Thursday, April 13, 2006

Hot Cross Bonkers

It's Maundy Thursday, and in Guildford - perhaps now best known for being where ageing rock stars go to live, and being the Cathedral where Damien Thorn got spooked - HM The Queen has been dishing out the Maundy Money to worthy subjects. Subjects, note, what a charming word, just in case we'd forgotten our place in this modern world...and even more worth noting when you remember that her Prime Minister exercises considerable power on her behalf through the Royal Prerogative. And she doesn't wash their feet, either.

Maundy Thursday, is, of course, a part of what we call Easter, which, if you're a Christian, is about as important a festival as it gets. It is the very embodiment of those three values which are taught to Christians, namely Faith, Hope and Charity. I understand that it is also the main Jewish festival, Passover, and if you go back through history, this time of year has had serious religious significance for a long, long time, and often for profound, and not unrelated reasons, for people throughout history and geography.

So on this note of deep spirituality, and dare I say, ecumenicalism and tolerance, Krusty The Baker is delighted to let you know, because it's his business to know, that this week, the British will eat between 55 and 60 million hot cross buns, most of which they will push and shove at the modern temples we call supermarkets in order to snaffle before the other guy, which they will buy in offers that are designed only to drag people through the door, and to allow them to make claims about being cheaper than the other supermarket. Is it me, or isn't it just a little sad that it's all reduced to nothing more than a distasteful scramble of buns and chocolate for nothing more than profit and fuck-your-God attitudes. I'm not a religious man, but it just strikes me as all a little tragic and limited.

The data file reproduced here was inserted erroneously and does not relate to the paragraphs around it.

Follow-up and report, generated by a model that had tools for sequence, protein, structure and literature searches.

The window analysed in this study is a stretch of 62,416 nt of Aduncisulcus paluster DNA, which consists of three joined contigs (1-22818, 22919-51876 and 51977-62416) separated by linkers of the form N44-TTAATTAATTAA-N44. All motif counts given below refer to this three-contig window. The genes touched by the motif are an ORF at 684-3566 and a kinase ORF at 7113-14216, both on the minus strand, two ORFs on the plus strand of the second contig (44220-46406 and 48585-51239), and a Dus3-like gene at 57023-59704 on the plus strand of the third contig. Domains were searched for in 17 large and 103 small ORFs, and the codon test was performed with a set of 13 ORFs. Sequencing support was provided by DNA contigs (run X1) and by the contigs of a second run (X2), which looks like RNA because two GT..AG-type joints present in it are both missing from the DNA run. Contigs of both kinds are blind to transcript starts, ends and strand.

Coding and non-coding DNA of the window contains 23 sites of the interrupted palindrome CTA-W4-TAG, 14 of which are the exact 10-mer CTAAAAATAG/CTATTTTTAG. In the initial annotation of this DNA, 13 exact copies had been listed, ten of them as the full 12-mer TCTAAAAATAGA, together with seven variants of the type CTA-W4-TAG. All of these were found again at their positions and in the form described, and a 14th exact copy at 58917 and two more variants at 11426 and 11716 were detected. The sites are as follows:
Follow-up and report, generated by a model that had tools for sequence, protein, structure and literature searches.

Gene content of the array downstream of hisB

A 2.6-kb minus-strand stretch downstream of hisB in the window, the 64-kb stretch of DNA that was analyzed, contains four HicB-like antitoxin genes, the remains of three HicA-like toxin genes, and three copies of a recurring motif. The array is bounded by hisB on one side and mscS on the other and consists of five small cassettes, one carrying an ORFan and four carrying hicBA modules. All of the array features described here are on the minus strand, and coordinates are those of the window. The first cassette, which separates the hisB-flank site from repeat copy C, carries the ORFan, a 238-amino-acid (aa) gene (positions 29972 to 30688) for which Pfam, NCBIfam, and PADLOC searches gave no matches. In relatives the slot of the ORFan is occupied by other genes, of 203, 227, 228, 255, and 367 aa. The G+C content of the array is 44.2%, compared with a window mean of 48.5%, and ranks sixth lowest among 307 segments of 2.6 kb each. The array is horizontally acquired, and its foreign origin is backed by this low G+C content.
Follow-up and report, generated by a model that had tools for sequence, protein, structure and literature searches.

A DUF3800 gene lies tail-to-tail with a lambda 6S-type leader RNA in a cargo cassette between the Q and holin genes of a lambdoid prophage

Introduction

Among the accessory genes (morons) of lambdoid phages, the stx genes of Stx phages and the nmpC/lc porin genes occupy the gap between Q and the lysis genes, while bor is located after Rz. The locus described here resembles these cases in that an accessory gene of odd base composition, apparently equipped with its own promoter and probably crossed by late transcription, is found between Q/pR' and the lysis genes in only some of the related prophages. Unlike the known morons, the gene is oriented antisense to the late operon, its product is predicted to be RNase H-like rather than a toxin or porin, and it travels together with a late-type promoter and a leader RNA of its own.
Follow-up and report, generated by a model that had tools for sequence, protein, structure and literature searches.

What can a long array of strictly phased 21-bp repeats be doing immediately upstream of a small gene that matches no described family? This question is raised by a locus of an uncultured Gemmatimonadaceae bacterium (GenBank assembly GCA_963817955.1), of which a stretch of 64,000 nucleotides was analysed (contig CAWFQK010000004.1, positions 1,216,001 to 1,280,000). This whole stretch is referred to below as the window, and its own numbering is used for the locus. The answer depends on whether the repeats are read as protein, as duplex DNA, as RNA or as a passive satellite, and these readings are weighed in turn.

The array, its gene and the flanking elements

George Orwell, who had a talent for writing unpleasant things, begins one of them, 'Keep The Aspidistra Flying' - incidentally, the movie is yet another reason among many to question the point of Richard E. Grant - with a rewrite of St. Paul's piece about 'Faith, Hope and Charity, and the greatest among these is Charity' replacing the word Charity with Money.

That happy bastard had a point, didn't he?

On a completely different theme, today saw the return to the office of not one but two of my more favourite people, or more accurately, views. Not for long, unfortunately, but it did relieve the boredom of what was otherwise not the most riveting of times today.

I am getting unhealthily lustful, and nobody seems to want to take advantage of it. What a terrific waste.

No comments: